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PostPosted: Mon Jul 17, 2006 1:01 pm 
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Green Belt
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Joined: Fri Sep 06, 2002 2:30 pm
Posts: 162
Location: Texas
I know that pointers refer to the address of an object, but I still can't understand what is going on. Take this program someone helped me with. It is gets 5 values from the user and outputs an array and then the same array with the values multiplied by 5.


#include <stdio.h>
#include <stdlib.h>

/* function declaration or function prototype */
int *myFunction(int []);
void mySecondFunction(int []);
int main(void)
{
int MyArray[100];
int *A;
A = myFunction(MyArray); /*function call*/
printf("\n");
mySecondFunction(A);
return 0;
}

int *myFunction(int MyArray [100]) /* function header */
{
int i;
for (i=0;i<=4;i++)
{
printf("\nEnter value %d: ",i+1);
scanf("%i",&MyArray[i]);
}
printf("The matrix you input is:\n\n");
for (i=0;i<=4;i++)
{
printf("%d",MyArray[i]);
}
return (MyArray);
}

void mySecondFunction(int MyArray[100])
{
int i;
for (i=0;i<=4;i++)
printf("%d \t", MyArray[i]*5);
}

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PostPosted: Mon Jul 17, 2006 10:26 pm 
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Joined: Tue Jun 04, 2002 2:51 pm
Posts: 223
Pointers can be fun, once you get a feel for them. Part of the power is their lexability, but this is confusin gon first sight. So first the basics.

You're correct a pointer is really a variable that contains the address of some data. So a:

int *data_ptr;

Is a pointer that points to an integer. Its not very useful until you have some data associated with it. One big use is that this allows you to pass in a variable to a function and have it get modified. For example you might have

void
my_function (int input_int)
{
input_int = 42;
}

This function actually does not change the value of input_int that is passed in., since its passed in by value (essentially the value is copied). If you want it updated you have to pass by reference, and in C this is done my using pointers, so you would have:

void
my_function (int *input_int_ptr)
{
(*input_int_ptr) = 42;
}

So now I pass in the address to my int, and so the data gets changed both in this function and in the code that calls it. The (*input_int_ptr) notation just dereferences the ptr to the int value, if you justhad input_int_ptr = 42; you would be setting the address to 42, and all of a sudden your pointer points to some unknown part of RAM, which is why pointers can be dangerous.

Now onto your example here. An array such as MyArray is a chunk of memory allocated all in a row. So if we know the memory address of the first element, we can find all elements in the array.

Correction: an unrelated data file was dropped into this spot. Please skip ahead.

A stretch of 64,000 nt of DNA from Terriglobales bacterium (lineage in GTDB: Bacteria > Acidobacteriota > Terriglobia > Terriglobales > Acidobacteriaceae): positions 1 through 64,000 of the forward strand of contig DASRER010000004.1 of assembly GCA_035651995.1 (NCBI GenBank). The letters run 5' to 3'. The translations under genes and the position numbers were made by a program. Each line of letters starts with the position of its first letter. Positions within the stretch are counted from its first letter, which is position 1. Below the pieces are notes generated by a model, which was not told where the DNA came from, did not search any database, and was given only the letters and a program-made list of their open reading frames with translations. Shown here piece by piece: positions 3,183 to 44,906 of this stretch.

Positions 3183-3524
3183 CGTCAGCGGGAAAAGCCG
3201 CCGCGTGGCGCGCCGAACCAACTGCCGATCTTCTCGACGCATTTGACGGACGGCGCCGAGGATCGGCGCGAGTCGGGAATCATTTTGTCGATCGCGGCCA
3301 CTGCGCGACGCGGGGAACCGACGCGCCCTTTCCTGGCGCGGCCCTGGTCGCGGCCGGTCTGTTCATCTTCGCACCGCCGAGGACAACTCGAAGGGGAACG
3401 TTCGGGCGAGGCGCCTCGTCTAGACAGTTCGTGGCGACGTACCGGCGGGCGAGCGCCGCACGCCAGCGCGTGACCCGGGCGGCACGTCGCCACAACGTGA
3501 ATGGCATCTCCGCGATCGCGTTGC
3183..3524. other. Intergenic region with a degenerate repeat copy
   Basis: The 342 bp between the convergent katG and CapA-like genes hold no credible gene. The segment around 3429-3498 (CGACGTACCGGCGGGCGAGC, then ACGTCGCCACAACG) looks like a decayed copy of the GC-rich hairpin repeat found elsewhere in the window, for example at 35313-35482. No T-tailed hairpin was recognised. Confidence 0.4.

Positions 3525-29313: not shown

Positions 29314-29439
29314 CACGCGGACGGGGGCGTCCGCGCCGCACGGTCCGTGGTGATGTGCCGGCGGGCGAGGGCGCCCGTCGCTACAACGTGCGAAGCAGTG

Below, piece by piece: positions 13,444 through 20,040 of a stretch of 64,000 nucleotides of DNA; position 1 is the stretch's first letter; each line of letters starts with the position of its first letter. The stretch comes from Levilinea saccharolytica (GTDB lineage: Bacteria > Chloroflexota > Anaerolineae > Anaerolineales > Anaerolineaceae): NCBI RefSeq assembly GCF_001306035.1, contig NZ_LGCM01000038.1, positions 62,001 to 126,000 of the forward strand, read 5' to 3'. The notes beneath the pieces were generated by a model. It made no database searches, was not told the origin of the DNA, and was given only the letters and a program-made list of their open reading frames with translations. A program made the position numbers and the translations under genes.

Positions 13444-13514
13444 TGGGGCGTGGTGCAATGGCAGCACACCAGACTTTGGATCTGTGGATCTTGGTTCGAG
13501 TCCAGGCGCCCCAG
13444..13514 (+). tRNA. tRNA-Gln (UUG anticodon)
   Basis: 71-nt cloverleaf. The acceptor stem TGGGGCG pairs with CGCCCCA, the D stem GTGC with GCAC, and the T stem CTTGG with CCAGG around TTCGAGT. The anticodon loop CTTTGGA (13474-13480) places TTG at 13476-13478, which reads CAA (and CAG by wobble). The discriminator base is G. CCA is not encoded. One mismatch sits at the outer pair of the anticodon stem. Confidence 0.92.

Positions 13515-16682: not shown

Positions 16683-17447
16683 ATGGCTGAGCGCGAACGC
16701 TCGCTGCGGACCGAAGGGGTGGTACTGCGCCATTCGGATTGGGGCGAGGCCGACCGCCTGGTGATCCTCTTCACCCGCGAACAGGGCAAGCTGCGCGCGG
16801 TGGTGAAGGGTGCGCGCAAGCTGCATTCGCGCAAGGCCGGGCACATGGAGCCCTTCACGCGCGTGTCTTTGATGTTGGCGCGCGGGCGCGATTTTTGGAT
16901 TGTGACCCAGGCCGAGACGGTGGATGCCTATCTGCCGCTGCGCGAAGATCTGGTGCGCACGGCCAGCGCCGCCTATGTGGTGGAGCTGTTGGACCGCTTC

So MyAddress can be accessed as a pointer as well. When you call myFunction () you're passing in the address for the first element in the array. The [#] values are just memory dereferencing, it just says go # memory chunks ahead starting from the pointer. So in this way pointers and arrays are similar beasts.

There are many things you can do with these things, andthey are quite useful. But they are difficult to understand at times, and very dangerous if not used correctly (dangerous in the sense of causing the porgram to abort), and this is why some languages have removed pointers.

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PostPosted: Tue Jun 05, 2007 8:00 pm 
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Green Belt
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Joined: Fri Sep 06, 2002 2:30 pm
Posts: 162
Location: Texas
Ha, saw this old post of mine and decided to update. I think I finally understood the use of pointers last semester in one of my courses. I think the main problem I had before was that I wasn't programming anything complex enough to require functions that changed more than one variable. I always thought I could just return a value and skip the pointer. Of course, I learned out of necessity after doing more than just this one program. Practice IS everything.

STill, I quit electrical engineering for a reason. Thanks cangove for the help![/quote]

P.s. The act of dereferencing is something one shouldn't overlook when learning about pointers. I spent hours adding pointers all over my programs and got thoroughly confused. Apparently two pointers were enough. Not one, or 50, just two. *sigh

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